Aubrac, famously rescued by his wife and fellow Resistance fighter Lucie in a daring attack on a German convoy, died at the Val de Grace military hospital on Tuesday night, his family told AFP.
Aubrac was born Raymond Samuel to a Jewish family on July 31, 1914 in the northeastern Haute-Saone region and studied engineering in France and the United States.
Involved in left-wing politics before the war, Aubrac and Lucie, who died in 2007 at the age of 94, formed one of the first underground groups resisting the Nazi occupation of France –Liberation Sud – in Lyon in 1940.
In June 1943, Aubrac was captured alongside Charles de Gaulle's Resistance chief Jean Moulin in a Gestapo raid near Lyon. Moulin was transported to Paris and later died after torture.
Aubrac was freed in October 1943 when Lucie and a group of fighters ambushed a truck carrying 14 resistance members from Gestapo headquarters in Lyon.
The ambush became one of the most celebrated Resistance exploits of World War II and the theme of two films – "Lucie Aubrac" and "Boulevard des Hirondelles."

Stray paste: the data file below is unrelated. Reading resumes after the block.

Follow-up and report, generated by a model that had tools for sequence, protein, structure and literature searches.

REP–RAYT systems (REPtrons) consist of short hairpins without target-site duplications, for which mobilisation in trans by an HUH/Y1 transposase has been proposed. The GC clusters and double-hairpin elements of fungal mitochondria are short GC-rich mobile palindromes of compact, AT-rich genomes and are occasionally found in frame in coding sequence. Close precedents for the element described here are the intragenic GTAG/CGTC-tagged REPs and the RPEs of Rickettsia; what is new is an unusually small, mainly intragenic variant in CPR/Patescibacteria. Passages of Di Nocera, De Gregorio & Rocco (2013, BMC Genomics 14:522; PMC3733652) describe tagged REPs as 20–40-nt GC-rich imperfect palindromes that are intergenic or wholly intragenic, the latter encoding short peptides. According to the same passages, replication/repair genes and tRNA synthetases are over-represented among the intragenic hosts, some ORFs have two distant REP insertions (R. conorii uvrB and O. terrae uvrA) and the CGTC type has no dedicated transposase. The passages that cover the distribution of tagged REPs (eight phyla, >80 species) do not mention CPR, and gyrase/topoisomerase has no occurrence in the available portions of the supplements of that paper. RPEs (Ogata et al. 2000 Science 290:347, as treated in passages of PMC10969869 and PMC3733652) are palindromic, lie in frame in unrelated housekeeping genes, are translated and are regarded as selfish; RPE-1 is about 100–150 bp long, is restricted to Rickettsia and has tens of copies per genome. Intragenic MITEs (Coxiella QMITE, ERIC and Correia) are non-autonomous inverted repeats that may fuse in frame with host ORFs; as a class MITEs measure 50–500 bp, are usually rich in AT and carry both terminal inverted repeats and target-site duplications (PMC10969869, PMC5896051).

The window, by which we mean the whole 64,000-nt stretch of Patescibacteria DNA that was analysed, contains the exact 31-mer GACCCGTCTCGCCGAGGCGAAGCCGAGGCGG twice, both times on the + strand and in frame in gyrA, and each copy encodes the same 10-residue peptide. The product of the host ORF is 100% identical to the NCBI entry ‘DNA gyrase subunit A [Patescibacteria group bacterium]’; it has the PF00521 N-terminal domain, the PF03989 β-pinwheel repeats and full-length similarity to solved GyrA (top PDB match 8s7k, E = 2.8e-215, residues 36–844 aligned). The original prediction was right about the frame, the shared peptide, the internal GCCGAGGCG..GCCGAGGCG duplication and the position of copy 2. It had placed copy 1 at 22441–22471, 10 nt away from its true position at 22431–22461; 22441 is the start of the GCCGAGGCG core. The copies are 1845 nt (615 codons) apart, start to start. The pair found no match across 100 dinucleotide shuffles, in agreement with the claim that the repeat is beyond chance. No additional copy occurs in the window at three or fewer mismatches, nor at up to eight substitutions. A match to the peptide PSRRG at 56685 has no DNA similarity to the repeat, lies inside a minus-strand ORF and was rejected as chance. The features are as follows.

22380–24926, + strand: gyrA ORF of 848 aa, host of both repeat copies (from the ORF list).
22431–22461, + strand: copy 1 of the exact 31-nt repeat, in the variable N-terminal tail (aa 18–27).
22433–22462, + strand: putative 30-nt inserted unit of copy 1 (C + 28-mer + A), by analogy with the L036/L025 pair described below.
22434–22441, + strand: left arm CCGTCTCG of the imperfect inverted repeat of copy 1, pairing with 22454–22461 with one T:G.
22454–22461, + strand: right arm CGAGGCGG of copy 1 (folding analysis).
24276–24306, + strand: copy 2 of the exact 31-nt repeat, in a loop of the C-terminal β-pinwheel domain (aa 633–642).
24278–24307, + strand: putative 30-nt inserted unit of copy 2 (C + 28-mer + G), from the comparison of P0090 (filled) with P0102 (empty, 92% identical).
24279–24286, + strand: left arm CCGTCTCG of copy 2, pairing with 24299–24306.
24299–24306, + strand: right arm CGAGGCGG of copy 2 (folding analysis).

The couple then escaped to London where they joined de Gaulle's administration in exile.
Returning to France after the war, Aubrac was appointed a commissioner for the new government in Marseille, where he oversaw demining and reconstruction efforts.
He later founded an institute to promote trade with Communist countries and served in a series of international roles, including as head of the UN's Rome-based Food and Agricultural Organisation (FAO) from 1964 to 1975.
He was also a close friend of Vietnamese Communist leader Ho Chi Minh and acted as a messenger between the US and Vietnamese governments in the early 1970s.